New processing plant to help cut tomato loss

Every season, farmers grow tomatoes at the same time flooding the market. The situation leads to low prices and post-harvest losses. But this can be a thing of the past.

Makueni County has constructed three cold stores in Tulimani, Kalongo and Kavuthu, that will be used by farmers to store their perishable products, till prices stabilise. The plants will also help increase the produce’s shelf life.

Makueni County CEC Agriculture Irrigation Livestock and Fisheries Development Nzioki King’ola says they will also start to process tomatoes to various products like sauce and jam at the newly established Makueni Fruit Processing plant located in Kalamba.

Meanwhile, farmers in Makueni are working extra hard to get a market for their tomatoes now that the market is flooded with the produce.

Mwana Horticulture made up of members from Kisau Location of Mbooni East and Makueni County is one such group. The group operates from a one acre land that was donated by a member. During a visit to the farm, The Smart Harvest and Technology found members sorting and packing tomatoes into crates ready for the market.

“We have just harvested tomatoes, now sorting them out and packing them into crates ready to be transported to various markets as per the orders,” says Benjamin Muia, one of the members.

Selling together

One of the strategies they use to cope with the tough times is to work together as a group- planting, harvesting and selling as a unit. That way they have a stronger bargaining power.

Initially, they would plant and sell as individually but after doing market research, it was clear they stood to gain if they operated as a unit.

“It made economic sense selling together than everybody taking his or her own produce to the market. We would aggregate our produce at once place where buyers came and took it in wholesale,” Muia says.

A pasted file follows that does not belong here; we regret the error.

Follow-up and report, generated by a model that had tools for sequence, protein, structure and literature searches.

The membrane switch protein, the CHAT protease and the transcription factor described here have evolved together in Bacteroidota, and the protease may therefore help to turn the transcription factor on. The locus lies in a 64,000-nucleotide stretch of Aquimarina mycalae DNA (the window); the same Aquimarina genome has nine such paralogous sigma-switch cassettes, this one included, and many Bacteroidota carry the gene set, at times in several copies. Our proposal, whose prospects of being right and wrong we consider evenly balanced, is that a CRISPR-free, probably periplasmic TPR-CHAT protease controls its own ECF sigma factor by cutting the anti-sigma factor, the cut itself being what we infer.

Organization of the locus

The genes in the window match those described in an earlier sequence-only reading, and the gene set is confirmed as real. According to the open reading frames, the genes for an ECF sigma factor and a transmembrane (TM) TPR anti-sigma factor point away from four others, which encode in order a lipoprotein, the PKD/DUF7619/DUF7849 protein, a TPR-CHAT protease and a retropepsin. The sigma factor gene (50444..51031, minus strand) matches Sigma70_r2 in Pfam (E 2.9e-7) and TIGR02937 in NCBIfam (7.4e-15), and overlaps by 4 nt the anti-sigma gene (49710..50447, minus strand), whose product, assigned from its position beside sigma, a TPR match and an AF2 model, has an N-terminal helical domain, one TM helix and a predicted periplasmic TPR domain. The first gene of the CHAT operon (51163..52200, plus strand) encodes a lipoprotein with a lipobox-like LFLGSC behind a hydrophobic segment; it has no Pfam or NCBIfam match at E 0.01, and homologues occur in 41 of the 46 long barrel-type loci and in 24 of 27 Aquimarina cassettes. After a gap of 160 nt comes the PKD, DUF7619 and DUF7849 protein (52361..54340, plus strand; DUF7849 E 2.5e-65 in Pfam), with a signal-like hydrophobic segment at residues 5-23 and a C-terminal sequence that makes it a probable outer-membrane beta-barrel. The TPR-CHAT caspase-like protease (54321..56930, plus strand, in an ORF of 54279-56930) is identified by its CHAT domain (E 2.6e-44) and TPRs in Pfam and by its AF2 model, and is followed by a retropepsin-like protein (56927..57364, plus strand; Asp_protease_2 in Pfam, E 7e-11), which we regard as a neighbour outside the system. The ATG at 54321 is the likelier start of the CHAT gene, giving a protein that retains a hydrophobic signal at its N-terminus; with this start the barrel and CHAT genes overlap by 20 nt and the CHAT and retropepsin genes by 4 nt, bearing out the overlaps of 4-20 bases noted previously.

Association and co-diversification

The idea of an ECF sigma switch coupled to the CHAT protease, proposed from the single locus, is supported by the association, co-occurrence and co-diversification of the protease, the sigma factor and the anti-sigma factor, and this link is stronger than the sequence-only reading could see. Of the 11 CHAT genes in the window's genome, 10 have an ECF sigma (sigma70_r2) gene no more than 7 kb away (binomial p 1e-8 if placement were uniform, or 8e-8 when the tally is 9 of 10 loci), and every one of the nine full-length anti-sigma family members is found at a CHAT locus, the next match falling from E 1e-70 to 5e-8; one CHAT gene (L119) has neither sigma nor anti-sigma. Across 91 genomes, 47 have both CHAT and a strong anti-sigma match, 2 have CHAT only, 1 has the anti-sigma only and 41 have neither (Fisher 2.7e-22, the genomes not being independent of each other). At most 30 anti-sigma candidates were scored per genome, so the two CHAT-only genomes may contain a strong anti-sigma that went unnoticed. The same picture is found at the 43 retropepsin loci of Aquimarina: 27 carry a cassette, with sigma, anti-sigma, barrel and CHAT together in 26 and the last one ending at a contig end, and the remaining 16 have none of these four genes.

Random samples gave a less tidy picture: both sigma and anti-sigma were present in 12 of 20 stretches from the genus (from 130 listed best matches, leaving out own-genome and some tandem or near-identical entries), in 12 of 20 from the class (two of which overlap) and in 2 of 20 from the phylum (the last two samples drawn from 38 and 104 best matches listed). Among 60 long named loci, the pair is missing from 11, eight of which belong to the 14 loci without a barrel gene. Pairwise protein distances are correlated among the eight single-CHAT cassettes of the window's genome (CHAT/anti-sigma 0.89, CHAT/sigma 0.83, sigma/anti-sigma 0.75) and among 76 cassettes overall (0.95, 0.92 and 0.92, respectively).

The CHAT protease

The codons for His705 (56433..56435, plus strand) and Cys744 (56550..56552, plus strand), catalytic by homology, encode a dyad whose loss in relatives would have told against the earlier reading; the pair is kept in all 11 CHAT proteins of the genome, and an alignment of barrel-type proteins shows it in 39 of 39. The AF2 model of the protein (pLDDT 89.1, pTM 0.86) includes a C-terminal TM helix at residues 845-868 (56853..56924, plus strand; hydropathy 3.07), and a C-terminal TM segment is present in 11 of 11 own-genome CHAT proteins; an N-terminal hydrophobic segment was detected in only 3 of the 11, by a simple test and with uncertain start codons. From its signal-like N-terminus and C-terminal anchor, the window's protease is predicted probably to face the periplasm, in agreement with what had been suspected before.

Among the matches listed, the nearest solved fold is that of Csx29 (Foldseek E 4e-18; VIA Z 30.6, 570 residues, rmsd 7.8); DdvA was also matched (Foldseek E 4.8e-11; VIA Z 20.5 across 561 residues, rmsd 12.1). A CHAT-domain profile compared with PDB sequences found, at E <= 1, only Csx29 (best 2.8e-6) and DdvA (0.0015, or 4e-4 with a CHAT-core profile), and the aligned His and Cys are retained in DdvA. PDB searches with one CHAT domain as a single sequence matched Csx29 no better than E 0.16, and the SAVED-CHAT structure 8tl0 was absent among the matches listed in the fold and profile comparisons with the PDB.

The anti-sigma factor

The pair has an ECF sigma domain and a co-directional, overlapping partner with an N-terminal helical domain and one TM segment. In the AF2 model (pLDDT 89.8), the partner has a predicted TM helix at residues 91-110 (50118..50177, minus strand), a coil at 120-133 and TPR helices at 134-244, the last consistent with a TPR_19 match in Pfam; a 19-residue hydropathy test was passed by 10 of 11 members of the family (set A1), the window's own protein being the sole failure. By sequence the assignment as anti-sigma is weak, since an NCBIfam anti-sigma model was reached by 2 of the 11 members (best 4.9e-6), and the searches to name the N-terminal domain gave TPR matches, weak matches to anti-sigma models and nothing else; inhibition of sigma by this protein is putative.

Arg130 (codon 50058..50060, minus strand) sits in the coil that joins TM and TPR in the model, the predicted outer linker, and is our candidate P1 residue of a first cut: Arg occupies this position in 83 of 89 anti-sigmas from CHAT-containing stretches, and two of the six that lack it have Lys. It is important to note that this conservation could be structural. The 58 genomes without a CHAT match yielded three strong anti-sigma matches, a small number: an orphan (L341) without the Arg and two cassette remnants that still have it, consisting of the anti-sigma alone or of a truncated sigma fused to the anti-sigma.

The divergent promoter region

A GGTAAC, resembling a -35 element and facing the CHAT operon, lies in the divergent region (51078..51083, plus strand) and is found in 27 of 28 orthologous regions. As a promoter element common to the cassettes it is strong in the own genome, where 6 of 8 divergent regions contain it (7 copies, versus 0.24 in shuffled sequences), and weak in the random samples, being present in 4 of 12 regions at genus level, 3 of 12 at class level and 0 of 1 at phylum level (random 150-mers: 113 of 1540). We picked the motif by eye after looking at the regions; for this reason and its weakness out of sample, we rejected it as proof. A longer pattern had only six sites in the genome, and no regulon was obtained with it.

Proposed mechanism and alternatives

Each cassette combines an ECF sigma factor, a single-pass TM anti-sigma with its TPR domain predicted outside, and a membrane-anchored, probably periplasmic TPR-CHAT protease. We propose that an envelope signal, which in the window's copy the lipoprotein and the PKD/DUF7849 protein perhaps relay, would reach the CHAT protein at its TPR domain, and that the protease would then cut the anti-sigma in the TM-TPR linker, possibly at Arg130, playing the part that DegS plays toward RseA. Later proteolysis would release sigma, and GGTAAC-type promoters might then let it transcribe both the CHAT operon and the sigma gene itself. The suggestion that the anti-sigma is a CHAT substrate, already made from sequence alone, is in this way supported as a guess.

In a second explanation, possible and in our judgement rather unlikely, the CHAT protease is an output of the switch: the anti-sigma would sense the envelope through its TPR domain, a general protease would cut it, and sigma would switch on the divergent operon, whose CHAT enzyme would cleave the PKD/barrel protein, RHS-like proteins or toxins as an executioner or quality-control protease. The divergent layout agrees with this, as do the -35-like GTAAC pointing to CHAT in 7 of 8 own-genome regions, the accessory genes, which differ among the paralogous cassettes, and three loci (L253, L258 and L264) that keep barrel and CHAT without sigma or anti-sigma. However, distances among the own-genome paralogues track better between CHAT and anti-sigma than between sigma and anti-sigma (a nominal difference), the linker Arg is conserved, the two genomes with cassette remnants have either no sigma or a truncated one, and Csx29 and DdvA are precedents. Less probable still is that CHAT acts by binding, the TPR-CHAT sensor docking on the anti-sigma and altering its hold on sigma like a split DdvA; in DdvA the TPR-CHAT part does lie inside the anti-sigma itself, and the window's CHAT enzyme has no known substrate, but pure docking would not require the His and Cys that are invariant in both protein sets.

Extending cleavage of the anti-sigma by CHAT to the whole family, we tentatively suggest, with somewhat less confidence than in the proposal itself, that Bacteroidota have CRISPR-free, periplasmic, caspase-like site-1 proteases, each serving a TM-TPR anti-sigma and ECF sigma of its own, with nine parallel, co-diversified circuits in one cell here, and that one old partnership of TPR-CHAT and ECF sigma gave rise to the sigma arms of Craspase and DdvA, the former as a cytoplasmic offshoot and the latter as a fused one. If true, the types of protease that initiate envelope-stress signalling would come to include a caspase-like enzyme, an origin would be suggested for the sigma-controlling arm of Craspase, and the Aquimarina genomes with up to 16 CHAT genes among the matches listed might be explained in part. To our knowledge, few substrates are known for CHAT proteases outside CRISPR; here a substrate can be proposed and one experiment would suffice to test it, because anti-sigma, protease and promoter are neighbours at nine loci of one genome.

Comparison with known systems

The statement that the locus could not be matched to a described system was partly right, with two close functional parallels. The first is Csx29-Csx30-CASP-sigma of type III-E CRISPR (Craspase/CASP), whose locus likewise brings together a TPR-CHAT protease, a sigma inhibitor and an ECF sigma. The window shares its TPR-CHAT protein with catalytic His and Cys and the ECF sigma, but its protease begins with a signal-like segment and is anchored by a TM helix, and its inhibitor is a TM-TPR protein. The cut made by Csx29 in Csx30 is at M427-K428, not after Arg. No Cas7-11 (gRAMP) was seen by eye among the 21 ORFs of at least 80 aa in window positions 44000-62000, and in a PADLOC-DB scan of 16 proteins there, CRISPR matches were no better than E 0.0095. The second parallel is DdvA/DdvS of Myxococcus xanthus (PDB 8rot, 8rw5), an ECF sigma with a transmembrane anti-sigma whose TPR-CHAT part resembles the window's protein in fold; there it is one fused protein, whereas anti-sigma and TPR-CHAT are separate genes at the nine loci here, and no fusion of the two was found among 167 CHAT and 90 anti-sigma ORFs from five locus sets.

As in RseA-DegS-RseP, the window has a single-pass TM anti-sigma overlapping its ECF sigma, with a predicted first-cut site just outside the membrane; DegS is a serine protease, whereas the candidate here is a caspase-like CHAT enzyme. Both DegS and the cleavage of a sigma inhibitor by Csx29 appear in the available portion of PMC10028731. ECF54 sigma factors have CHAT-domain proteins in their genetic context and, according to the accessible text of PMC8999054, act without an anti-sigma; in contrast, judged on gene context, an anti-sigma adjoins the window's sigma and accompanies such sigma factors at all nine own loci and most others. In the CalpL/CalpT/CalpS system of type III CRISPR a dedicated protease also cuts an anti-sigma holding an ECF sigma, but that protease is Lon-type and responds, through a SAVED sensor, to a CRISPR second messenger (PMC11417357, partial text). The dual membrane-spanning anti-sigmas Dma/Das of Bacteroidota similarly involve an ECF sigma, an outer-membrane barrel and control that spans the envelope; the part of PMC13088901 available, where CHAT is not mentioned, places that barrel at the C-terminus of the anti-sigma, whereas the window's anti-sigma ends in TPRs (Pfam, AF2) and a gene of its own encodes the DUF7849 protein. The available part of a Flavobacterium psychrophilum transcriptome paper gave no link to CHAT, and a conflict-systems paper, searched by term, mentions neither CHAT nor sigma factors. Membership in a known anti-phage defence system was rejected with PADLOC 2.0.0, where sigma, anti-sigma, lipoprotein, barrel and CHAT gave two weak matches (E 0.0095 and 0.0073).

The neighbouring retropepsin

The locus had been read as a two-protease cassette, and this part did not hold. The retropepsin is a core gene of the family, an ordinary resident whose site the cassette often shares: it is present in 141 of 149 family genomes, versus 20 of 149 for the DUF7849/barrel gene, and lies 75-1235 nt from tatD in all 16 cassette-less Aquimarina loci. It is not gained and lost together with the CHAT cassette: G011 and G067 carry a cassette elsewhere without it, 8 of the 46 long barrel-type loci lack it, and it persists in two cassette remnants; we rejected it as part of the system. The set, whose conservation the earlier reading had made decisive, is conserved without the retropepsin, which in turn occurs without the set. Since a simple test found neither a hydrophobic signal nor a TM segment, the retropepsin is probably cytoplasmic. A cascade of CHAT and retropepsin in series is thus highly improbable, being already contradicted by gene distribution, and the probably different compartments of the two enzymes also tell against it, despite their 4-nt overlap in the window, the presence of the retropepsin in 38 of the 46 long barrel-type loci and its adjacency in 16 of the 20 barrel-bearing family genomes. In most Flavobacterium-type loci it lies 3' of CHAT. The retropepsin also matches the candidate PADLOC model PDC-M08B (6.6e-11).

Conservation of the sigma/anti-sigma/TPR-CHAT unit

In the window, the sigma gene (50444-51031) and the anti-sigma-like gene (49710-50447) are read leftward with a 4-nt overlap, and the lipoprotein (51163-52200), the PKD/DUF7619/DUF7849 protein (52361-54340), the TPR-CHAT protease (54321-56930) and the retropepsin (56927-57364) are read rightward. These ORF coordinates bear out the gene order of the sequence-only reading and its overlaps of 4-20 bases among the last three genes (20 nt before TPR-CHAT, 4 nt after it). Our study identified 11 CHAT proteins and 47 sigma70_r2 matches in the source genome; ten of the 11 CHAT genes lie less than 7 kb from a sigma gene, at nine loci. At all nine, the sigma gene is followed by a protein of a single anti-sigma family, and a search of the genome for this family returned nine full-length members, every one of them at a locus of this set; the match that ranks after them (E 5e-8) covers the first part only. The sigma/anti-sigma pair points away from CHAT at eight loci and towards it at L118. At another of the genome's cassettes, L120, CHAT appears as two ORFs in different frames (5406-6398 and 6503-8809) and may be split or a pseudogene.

In 2019, they were linked to the National Agricultural and Rural Inclusive Growth Project (NARIGP) that assists upscale farmers. The NARIGP is a Government project that is implemented through the Ministry of Agriculture, Livestock Fisheries and Irrigation, with funding support from the World Bank.

NARIGP helped them identify problems, resources and available solutions along tomato value chain.

“As a group, we wrote a proposal requesting to invest in tomato value chain and submitted to NARIGP through the community development committee,” he recalls. Luckily, theirs was among groups that were selected for support.

They got equipment and farm inputs worth Sh500,000 which include seeds, fertilisers, agrochemicals, water tank, drip kit, solar panels, water pumps and pipes.

The group were also trained on modern farming technologies and climate smart agriculture developed by Kenya Agricultural and Livestock Research Organization (Kalro).

Paul Musyimi, County Project Coordinator, NARIGP Makueni explains the objective of the project is to increase agricultural productivity and profitability.

“In order to do this, farmers had to be trained on the new technologies. Apart from being funded, farmers also have demo plots from which they learn and acquire skills on all the technologies on tomatoes. This will increase not only the quality but also productivity,” he explains.

The project also provided the group with an agronomist who guided them from planting to harvesting.

Muia says, “l didn’t know preparing land was such a big issue when you want to plant any crop. Tomatoes are deep-rooted and heavy feeders and thrive in high organic soils. The soils must be well prepared with nutrients to sustain them throughout the growing season.”

Timing is key

He adds, timing is also important in tomato production because it will determine how much you sell your crops and the profits you make.

In a week, the groups at least 135 crates of tomatoes and have ready markets in Machakos, Wote, Kitui and individual customers.

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